Date of Graduation

Spring 2018


Master of Science in Chemistry


Chemistry and Biochemistry

Committee Chair

Matthew Siebert


The ambition of this work is to start a path to the a priori rational design of high yield production for electron acceptors with finely tuned band gaps, from the comfort of an armchair. To this end, organic photovoltaics offer a cheap and sustainable means of manufacture using readily available materials and avoids the toxicity of some of the heavy metals used in first and second-generation solar cells such as cadmium. The microwave assisted Lawesson’s reagent mediated one-pot one-step solventless synthesis takes less than 3 minutes and results in an 84% yield of 9,9’-bifluorenylidene from two equivalents of fluorenone. While fullerenes have traditionally been the most widely used electron acceptors in organic photovoltaics, bifluorenylidenes have been gaining attention due to their superior absorption in the visible spectrum, highly tunable band gap and cheap/efficient synthesis. Using an analog system to study the reaction divided into two parts; intermediate formation and sulfur extrusion, a molecular pathway has been devised that fits the reaction conditions and explains differences in % yields of substituted 9,9’-bifluorenylidenes reported in a manner readily conducive to making predictions based on the substituents chosen in the 9-fluorenylidene scaffold.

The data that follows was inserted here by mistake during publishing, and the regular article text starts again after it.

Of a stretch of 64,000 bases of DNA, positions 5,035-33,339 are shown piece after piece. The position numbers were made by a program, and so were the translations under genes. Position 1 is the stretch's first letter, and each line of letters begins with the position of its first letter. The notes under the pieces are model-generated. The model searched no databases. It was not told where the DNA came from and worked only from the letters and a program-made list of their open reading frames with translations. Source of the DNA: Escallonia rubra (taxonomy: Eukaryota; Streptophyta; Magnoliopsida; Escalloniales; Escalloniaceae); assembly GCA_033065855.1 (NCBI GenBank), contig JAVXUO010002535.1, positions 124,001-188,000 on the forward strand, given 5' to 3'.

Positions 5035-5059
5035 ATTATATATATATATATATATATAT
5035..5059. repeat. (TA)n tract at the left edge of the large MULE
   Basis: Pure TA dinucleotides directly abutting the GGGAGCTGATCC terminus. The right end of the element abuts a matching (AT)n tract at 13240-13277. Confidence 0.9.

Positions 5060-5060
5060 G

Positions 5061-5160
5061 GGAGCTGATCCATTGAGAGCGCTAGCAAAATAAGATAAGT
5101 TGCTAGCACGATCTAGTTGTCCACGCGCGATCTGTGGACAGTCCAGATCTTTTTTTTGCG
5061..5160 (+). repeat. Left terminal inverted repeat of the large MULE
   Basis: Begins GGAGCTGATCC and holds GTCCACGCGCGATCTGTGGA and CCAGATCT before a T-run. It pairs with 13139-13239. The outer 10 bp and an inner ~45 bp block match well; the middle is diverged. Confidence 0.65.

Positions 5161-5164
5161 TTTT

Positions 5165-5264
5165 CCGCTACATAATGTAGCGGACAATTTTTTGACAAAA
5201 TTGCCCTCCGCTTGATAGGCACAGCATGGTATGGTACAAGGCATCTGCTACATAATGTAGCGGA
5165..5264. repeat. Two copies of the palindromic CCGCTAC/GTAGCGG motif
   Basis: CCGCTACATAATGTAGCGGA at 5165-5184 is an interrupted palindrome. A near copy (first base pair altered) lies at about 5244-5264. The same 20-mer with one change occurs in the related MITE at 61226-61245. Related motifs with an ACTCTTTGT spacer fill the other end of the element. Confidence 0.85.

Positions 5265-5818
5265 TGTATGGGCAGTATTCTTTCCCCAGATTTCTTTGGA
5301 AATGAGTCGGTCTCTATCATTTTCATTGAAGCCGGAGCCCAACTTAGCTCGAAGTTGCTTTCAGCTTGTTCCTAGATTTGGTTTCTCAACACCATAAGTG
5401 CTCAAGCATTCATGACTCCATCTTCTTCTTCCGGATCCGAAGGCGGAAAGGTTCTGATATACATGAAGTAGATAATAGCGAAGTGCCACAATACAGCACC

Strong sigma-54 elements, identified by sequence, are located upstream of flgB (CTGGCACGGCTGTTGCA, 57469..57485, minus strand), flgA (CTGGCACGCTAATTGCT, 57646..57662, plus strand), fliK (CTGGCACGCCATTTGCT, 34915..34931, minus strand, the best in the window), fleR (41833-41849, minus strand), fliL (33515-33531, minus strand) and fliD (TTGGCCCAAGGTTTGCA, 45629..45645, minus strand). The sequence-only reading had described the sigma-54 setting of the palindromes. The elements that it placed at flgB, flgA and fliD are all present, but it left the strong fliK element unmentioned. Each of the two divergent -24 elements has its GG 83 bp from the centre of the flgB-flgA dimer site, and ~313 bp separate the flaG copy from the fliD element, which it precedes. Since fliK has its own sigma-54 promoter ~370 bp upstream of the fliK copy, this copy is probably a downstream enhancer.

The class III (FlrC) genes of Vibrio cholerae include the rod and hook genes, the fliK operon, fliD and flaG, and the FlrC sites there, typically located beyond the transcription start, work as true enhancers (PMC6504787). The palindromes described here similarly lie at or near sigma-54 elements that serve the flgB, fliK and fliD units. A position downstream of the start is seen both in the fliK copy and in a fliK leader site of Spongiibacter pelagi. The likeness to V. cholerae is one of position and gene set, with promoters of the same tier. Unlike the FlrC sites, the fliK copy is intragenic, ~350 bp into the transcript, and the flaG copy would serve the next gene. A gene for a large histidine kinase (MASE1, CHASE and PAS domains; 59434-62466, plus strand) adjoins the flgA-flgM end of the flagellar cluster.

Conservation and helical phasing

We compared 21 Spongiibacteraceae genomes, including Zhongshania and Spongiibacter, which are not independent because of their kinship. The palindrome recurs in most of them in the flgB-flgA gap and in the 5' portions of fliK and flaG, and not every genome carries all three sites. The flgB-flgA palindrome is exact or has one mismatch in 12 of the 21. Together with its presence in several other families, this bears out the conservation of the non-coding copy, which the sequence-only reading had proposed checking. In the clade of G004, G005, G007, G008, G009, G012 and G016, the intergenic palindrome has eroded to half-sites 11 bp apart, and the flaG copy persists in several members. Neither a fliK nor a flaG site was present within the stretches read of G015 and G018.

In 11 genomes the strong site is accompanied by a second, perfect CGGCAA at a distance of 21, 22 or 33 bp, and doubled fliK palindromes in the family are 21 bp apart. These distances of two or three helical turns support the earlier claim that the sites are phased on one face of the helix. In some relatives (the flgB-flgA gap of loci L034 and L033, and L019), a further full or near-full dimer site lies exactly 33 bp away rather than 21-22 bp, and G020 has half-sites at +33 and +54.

physical organic chemistry, computational chemistry, DFT, CASSCF, Lawesson's reagent, bifluorenylidene, organic photovoltaics, 1, 2-dioxetane, 1, 2-dithietane

Subject Categories

Organic Chemistry | Physical Chemistry


© Andrew Jourdan Eckelmann

Open Access